the gospel, between the covenant of works, and the covenant of grace. The one gives us life upon our working, the other saves us from death, and gives us a right to heaven upon our believing, therefore one is called the law of works, and the other the law of faith; Rom. iii. 27.
It is proper here to observe, that the scripture sometimes speaks of two covenants; the old and the new and means chiefly the economy or dispensation of the Jews under Moses, and the economy of Christ, or the dispensation of the gospel since the Messiah came. But by the two covenants I now speak of, I would be understood to mean the law or constitution of innocency, and the constitution of grace.
By the constitution, or law of innocency, man was to have obtained eternal life before his fall; and as this law or covenant was given to Adam as the head and representative of all mankind, so every son and daughter of Adam continues under it till they accept of the covenant of grace, or the offers of the gospel, either in the darker or brighter discoveries of it: And therefore all mankind, Jews and Gentiles, are laid under condemnation by it in the writings of St. Paul, in the second and third chapters to the Romans. By this law of works, every mouth is stopped, and the whole world is become guilty before God; Rom. iii. 19. Though the nations of the Jews and christians, and perhaps the greatest part of the heathen world, have had some revelations of the gospel or covenant of grace, and have been under the outward offers of it; yet Jews, heathens, and national christians, are all under the sentence of the covenant of the law of works, till they enter into the covenant of grace by repentance and faith in the mercy of God.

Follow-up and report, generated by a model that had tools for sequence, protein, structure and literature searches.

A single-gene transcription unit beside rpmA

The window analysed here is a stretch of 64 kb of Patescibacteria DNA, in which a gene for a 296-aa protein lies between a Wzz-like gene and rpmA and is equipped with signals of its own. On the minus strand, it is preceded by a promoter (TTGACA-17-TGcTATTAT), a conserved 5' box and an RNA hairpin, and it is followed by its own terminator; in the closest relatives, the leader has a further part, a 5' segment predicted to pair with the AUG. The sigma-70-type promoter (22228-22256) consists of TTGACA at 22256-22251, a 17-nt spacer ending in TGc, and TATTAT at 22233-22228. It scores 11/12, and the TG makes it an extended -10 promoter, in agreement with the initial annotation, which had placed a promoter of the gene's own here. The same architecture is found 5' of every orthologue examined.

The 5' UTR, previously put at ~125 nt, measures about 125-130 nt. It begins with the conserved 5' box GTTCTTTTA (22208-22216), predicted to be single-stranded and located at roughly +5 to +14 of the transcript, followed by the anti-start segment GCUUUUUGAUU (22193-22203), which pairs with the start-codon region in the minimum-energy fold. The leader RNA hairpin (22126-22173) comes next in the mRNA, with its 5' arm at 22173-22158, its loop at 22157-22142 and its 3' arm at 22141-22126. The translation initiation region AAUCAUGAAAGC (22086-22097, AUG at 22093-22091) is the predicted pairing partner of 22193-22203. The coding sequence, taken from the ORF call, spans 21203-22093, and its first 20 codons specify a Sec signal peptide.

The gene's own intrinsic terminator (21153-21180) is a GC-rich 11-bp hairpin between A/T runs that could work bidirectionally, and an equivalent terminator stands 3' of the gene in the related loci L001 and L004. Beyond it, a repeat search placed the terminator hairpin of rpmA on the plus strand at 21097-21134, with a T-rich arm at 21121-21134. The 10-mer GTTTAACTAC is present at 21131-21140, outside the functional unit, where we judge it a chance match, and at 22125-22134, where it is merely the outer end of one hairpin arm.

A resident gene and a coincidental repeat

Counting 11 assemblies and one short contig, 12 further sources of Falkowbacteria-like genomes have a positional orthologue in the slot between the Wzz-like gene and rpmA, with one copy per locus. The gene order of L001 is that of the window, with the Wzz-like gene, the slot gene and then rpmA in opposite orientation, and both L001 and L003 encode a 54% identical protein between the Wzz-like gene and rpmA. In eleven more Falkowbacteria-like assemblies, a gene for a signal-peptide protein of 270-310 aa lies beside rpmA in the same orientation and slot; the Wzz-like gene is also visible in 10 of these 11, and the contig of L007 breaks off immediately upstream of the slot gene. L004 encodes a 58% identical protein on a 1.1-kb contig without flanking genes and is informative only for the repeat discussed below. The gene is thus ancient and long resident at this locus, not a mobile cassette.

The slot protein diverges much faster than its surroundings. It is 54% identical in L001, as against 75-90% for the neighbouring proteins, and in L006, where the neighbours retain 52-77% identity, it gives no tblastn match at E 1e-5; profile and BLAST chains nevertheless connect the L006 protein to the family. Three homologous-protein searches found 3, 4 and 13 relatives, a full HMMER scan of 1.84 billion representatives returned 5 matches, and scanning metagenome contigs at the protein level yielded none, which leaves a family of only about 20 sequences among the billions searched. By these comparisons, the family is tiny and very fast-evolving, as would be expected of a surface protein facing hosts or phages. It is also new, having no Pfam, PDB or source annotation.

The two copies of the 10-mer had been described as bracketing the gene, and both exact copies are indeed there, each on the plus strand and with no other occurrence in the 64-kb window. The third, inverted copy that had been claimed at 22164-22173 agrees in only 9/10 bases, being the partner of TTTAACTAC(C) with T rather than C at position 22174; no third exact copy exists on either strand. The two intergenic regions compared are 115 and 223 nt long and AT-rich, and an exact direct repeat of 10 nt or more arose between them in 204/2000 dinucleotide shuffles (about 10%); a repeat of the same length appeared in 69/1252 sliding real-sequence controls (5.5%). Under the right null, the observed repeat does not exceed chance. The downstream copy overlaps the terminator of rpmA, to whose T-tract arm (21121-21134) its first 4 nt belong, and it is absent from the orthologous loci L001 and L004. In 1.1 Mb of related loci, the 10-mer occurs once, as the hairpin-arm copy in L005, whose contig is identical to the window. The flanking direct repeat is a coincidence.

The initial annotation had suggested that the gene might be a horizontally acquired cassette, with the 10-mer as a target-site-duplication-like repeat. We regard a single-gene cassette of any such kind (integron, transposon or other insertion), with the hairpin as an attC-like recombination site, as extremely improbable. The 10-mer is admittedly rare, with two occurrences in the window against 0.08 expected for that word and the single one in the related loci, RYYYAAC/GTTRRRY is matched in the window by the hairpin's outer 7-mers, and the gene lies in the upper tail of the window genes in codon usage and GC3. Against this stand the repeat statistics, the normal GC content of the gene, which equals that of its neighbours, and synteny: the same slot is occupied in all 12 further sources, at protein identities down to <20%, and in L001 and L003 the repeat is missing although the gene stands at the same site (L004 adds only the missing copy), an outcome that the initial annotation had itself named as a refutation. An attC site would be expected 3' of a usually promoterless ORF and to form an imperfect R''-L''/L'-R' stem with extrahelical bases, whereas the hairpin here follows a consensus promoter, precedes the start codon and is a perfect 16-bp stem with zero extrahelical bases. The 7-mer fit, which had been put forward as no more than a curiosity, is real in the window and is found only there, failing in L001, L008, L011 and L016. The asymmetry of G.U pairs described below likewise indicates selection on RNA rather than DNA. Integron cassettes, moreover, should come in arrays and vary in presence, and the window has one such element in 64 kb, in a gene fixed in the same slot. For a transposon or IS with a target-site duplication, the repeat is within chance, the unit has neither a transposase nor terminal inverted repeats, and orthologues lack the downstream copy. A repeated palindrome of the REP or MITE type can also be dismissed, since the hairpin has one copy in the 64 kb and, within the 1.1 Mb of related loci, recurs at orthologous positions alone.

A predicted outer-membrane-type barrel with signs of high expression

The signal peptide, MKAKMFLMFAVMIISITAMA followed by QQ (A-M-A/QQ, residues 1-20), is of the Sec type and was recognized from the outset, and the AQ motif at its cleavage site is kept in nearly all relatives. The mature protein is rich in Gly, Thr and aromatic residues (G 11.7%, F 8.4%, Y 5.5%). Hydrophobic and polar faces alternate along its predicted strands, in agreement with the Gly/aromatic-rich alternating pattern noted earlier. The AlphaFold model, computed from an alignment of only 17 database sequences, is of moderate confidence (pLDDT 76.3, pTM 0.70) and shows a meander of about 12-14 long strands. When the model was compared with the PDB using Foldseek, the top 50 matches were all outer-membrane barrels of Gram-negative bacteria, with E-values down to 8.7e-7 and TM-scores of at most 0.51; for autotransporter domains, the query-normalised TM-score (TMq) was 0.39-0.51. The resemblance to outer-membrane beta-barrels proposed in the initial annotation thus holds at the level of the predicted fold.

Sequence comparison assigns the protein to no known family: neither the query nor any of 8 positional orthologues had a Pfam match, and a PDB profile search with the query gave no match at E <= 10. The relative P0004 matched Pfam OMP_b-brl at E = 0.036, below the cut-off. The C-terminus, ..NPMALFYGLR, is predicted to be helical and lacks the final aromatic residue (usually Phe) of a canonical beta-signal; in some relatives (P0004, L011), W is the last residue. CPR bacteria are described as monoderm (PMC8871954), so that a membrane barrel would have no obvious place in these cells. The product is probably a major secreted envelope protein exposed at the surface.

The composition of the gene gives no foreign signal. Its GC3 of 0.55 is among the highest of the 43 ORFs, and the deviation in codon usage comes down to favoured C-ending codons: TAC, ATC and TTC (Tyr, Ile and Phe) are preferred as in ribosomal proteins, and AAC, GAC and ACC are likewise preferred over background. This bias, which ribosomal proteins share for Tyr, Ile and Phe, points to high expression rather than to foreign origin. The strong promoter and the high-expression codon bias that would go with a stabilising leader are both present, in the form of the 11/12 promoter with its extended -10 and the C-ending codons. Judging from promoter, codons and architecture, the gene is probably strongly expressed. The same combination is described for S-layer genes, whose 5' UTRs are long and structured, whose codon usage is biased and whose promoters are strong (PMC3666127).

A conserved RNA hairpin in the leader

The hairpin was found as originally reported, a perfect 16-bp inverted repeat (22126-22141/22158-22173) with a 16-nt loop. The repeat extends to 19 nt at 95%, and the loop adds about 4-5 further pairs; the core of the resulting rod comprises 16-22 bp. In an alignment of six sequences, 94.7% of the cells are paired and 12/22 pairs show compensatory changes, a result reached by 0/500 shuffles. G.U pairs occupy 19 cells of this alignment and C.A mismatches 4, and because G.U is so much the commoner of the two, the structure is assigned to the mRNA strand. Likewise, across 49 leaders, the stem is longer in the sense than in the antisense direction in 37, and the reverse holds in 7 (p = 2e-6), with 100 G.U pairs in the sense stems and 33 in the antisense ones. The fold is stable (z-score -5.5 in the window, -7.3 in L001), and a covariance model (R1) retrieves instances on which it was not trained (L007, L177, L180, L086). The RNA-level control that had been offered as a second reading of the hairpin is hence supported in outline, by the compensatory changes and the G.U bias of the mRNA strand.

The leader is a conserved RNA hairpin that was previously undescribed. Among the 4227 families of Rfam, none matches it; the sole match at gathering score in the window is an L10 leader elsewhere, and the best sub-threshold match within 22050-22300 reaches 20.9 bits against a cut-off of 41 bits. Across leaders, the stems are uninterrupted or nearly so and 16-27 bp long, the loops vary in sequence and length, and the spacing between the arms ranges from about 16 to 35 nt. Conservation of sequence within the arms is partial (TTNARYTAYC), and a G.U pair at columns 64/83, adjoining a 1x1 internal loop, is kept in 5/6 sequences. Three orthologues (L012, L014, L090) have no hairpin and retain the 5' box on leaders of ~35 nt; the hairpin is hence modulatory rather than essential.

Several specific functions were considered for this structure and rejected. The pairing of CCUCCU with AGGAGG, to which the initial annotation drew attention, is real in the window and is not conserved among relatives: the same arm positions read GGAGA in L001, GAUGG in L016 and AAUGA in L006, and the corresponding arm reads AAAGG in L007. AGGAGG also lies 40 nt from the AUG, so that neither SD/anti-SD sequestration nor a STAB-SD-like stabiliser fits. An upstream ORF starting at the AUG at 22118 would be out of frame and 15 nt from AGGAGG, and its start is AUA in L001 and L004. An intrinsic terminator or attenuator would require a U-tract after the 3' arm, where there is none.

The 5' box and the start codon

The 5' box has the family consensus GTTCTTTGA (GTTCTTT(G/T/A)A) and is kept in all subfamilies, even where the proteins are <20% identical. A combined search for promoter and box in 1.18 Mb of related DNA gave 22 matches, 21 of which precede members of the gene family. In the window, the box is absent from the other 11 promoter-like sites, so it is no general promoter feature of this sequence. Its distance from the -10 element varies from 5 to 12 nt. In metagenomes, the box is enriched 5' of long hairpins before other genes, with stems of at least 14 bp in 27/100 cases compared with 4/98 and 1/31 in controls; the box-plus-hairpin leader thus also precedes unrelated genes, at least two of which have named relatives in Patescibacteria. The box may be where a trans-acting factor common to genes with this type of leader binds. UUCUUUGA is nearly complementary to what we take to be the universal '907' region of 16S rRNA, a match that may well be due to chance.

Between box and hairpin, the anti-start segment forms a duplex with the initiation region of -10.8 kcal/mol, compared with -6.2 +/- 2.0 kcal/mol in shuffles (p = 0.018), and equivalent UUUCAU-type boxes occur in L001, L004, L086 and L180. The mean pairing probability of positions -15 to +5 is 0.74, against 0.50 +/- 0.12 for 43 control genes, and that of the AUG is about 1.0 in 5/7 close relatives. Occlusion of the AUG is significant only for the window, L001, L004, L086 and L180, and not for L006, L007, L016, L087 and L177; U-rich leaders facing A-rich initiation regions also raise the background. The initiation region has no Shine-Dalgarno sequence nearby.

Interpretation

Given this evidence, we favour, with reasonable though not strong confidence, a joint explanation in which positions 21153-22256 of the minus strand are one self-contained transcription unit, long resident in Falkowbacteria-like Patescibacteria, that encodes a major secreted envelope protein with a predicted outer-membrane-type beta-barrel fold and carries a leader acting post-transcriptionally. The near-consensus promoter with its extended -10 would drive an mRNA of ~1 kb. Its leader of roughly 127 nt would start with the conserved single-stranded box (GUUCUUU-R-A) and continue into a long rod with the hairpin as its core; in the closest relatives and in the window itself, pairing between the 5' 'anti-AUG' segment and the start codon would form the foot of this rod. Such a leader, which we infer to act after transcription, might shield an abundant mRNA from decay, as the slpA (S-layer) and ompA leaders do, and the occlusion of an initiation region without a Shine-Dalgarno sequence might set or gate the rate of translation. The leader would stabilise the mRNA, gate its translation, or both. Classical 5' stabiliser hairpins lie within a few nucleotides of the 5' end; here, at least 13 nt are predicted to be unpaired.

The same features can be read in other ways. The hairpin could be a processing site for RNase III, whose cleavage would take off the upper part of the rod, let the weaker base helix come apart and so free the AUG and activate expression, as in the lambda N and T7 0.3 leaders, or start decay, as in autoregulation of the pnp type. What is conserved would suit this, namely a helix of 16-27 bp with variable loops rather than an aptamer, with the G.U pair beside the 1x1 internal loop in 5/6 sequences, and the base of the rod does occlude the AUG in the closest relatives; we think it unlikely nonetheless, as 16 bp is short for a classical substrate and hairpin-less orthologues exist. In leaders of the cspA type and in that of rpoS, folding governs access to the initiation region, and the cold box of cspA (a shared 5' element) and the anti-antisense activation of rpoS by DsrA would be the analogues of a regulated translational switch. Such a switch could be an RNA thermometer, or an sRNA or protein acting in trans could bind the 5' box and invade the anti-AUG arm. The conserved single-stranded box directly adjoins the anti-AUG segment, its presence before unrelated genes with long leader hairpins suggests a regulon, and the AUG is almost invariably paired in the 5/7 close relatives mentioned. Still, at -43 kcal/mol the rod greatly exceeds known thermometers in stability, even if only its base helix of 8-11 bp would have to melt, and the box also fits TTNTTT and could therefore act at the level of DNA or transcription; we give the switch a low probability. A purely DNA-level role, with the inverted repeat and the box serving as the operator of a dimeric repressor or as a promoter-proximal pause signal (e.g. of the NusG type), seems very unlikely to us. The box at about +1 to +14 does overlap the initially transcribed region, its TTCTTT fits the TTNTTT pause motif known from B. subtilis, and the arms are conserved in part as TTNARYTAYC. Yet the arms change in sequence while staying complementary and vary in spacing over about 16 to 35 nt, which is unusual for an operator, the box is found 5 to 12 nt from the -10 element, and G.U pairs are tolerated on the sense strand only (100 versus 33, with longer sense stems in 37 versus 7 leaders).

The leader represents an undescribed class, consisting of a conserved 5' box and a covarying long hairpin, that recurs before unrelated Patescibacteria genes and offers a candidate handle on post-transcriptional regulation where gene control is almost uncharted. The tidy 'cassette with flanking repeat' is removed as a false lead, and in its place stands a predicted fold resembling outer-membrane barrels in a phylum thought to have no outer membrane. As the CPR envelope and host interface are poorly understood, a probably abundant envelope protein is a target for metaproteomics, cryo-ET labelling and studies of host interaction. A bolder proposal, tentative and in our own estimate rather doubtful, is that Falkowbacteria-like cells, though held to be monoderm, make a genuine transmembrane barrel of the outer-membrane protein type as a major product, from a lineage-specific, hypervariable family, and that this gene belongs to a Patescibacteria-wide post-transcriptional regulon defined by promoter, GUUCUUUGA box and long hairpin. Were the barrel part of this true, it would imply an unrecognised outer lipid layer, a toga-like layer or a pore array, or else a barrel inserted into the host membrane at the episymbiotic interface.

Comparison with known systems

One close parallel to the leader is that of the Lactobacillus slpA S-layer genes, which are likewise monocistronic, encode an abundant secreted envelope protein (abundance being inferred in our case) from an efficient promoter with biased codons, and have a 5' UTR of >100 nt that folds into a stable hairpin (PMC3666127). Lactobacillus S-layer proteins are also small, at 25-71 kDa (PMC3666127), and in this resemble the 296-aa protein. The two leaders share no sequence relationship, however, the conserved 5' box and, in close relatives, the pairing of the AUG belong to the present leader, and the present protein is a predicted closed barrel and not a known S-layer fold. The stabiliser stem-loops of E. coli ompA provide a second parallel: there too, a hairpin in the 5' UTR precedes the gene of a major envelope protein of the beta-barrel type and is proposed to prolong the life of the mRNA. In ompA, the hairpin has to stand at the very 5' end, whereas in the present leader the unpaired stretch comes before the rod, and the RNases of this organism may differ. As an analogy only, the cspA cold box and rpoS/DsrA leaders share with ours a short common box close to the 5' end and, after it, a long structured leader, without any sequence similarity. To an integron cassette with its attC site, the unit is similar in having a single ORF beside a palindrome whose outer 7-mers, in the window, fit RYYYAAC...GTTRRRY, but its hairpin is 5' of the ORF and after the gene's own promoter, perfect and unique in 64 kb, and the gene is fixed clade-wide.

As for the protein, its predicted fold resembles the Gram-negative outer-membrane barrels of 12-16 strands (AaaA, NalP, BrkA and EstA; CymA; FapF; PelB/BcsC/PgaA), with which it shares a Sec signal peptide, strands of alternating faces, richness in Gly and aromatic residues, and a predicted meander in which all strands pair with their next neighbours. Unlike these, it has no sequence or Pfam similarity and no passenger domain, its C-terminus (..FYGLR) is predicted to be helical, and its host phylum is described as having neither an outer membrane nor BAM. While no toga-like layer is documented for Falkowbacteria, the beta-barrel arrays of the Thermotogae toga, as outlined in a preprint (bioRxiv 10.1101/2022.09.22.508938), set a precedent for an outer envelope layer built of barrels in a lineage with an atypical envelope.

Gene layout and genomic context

But the covenant of grace, or the gospel is a new constitution, which God hath ordained for the relief of poor fallen miserable man, condemned and perishing under the curse of the law of works. It is a constitution of grace, whereby alone fallen sinners can obtain salvation.
The law of works demands universal obedience to all the commands of God, obedience perfect and persevering; for this is the language of it; the man that doth them shall live in them; Rom. x. 5. and it curses every sinner without hope or remedy; cursed is every one that continueth not in all things that are written in the book of the law to do them; Gal. iii. 10, 12. But the voice of the gospel, the righteousness of faith, or the way of justification by Christ, speaketh on this wise, With the heart man believeth unto righteousness, and with the mouth confession is made unto salvation; for the just shall live by faith; Rom. x. 10. Gal. iii. 11. The one proclaims eternal life to all that perfectly obey, the other publishes salvation to all that believe, though their obedience be very imperfect.